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Black Lamb


Now in its 14th year of publication, this magazine was created to offer the discerning reader a stimulating selection of excellent original writing. Black Lamb Review is a literate rather than a literary publication. Regular columns by writers in a variety of geographic locations and vocations are supplemented by features, reviews, articles on books and authors, and a selection of “departments,” including an acerbic advice column and a lamb recipe.


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Last Week in Literary History

March 13th, 2002

flannerinchair.jpgJournalist Janet Flanner, who under the name Genêt will write letters from Paris for The New Yorker, is born in 1892 in Indianapolis.

Janet Tyler Flanner, b. March 13, 1892, d. 1978

For fifty years The New Yorker’s Paris correspondent, Flanner, who wrote under the nom de plume Genêt long before the criminal Jean Genet made his dubious literary reputation, was the quintessential ex-pat. Although she started in 1925, when the Paris literary community was at its height, and although she was part of that community, she was also not part of it, and her detached, insider’s perspective provided a clearer view than anyone else’s of that remarkable city.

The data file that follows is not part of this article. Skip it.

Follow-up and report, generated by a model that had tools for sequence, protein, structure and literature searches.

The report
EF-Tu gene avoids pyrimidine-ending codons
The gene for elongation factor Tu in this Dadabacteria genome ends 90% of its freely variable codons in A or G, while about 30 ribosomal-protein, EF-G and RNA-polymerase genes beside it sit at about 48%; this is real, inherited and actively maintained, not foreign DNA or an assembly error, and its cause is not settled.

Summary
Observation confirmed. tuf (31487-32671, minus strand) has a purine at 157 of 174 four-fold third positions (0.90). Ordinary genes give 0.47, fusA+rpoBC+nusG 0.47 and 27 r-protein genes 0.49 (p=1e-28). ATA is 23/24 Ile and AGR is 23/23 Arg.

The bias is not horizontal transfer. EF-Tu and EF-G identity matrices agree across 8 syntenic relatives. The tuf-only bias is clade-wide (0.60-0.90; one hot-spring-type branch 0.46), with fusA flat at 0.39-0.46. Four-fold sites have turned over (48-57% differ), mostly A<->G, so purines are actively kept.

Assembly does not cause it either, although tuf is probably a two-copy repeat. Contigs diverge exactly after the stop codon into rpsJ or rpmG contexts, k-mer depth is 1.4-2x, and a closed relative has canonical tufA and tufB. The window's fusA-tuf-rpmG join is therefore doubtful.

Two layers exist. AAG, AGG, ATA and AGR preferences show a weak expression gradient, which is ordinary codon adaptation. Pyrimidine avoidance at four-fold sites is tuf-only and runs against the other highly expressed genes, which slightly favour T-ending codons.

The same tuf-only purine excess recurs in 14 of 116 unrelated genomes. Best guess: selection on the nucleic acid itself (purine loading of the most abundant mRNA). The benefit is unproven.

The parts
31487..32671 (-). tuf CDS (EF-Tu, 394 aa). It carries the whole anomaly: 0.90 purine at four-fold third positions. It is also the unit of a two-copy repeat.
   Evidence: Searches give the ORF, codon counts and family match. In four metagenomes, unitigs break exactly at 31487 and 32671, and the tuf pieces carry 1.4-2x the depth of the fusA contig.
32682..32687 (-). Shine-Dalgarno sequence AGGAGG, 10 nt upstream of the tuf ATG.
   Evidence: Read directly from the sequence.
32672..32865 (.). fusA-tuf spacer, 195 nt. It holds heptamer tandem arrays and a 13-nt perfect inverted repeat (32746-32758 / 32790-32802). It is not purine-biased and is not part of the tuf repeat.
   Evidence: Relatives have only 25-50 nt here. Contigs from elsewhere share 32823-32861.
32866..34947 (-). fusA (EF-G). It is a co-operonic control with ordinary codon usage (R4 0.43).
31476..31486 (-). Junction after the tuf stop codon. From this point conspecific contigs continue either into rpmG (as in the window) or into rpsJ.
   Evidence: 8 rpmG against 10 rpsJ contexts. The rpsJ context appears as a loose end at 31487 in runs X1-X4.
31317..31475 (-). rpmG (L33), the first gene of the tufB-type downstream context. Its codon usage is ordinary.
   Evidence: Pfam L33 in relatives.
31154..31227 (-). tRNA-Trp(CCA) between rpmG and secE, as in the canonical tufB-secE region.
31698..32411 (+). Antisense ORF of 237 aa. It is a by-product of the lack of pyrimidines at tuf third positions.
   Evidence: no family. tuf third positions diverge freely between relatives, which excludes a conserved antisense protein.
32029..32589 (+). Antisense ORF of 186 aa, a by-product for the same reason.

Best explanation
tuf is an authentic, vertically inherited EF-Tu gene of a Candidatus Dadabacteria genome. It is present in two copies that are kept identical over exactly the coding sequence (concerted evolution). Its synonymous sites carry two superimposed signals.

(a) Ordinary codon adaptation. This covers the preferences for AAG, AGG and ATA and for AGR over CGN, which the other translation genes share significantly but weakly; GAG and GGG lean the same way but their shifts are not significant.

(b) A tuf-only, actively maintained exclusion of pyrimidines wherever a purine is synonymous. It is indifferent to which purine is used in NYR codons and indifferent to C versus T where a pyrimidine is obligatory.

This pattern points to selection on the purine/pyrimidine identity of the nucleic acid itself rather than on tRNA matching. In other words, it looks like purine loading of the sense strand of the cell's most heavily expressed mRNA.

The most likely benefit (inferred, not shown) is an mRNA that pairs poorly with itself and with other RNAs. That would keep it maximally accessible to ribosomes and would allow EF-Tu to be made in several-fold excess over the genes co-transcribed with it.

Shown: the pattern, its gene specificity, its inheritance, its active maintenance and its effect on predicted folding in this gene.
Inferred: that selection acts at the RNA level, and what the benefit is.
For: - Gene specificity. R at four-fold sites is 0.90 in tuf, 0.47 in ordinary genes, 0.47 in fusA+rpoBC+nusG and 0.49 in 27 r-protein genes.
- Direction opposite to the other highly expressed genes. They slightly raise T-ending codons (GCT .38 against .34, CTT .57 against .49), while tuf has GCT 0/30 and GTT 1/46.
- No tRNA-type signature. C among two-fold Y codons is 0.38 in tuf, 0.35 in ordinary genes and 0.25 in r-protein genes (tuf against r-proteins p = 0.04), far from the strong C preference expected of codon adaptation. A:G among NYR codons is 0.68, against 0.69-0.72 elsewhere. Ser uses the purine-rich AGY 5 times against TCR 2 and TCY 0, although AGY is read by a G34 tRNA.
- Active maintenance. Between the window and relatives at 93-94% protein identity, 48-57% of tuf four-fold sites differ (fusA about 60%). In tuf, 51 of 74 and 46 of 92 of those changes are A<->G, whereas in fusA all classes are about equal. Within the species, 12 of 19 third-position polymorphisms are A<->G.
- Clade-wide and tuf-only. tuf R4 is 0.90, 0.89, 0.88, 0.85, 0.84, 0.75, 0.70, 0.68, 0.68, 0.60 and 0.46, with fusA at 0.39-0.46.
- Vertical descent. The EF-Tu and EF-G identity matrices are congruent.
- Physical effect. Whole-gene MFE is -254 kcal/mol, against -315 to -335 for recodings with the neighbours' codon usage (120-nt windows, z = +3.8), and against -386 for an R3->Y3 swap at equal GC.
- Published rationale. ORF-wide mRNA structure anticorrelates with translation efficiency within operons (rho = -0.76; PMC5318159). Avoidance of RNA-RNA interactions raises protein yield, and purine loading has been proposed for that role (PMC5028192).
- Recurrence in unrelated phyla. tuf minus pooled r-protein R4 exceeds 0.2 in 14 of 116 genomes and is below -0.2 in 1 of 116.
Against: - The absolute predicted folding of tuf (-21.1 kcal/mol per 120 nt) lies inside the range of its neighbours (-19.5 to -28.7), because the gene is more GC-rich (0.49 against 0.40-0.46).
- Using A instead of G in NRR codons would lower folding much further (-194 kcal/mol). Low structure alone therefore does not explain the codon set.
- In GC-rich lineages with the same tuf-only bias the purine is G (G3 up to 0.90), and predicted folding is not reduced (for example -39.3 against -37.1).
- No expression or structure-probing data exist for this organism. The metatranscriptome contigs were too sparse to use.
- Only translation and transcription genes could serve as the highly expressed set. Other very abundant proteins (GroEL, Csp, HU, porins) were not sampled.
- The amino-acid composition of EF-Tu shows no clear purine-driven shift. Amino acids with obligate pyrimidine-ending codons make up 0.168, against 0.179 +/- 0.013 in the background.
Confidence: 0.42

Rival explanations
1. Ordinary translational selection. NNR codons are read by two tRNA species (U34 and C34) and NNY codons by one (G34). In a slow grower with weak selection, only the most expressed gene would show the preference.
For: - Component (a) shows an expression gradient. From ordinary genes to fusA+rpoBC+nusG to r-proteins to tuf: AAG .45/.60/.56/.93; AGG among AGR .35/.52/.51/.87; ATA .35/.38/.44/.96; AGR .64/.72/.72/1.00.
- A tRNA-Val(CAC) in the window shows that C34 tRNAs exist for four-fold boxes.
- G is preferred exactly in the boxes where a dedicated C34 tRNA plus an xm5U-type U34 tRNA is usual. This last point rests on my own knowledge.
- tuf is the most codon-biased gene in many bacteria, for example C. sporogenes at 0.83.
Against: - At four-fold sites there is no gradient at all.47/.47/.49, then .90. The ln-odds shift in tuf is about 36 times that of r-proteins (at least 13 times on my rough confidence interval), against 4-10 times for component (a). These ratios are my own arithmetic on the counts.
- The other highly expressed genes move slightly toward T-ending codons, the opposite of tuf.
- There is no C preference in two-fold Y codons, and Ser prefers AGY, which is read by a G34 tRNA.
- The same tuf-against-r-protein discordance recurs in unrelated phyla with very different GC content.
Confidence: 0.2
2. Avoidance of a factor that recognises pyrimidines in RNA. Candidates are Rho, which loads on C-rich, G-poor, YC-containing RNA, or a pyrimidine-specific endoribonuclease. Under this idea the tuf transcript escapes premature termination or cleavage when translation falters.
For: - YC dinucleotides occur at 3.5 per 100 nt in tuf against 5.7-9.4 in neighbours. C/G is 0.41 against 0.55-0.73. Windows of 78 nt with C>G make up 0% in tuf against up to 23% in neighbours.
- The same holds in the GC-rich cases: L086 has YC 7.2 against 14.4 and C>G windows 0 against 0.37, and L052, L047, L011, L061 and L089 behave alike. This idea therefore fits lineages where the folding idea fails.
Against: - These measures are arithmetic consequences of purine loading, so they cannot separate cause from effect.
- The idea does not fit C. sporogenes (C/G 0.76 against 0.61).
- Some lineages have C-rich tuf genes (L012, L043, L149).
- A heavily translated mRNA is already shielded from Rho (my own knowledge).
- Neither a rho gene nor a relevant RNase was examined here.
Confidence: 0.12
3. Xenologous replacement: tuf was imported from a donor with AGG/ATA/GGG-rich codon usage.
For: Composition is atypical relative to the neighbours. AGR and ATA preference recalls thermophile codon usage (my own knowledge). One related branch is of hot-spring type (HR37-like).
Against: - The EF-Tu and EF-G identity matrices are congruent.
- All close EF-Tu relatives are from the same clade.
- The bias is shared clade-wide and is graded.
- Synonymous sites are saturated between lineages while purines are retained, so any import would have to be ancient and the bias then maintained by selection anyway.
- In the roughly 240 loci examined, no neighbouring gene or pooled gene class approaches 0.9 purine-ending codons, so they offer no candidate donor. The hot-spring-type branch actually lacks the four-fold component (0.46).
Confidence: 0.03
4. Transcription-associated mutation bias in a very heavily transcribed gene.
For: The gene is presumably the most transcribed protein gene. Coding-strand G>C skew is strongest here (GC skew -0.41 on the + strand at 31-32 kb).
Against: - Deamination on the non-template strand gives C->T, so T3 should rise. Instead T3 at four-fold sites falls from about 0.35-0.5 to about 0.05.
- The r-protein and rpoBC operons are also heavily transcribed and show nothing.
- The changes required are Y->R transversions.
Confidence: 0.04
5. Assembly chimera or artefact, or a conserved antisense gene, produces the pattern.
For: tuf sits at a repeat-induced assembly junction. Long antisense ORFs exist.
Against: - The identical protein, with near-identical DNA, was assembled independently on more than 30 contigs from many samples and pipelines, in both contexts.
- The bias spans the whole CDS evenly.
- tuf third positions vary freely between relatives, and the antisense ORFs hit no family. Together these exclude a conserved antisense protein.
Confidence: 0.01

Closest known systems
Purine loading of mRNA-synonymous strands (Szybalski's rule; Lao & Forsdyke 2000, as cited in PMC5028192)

Suggested Reading Essays An American in Paris: Profile of an Interlude Between Two Wars, 1940. Men and Monuments, 1957. Paris Journal, 1944-1965, 1965. Paris Journal, 1965-1970, 1971. Paris Was Yesterday, 1925-1939, 1972. London Was Yesterday, 1934-1939, 1975. Book-length profile Pétain, 1944.

Posted by: The Editors
Category: A Week in Literary History, Books and Authors | Link to this Entry


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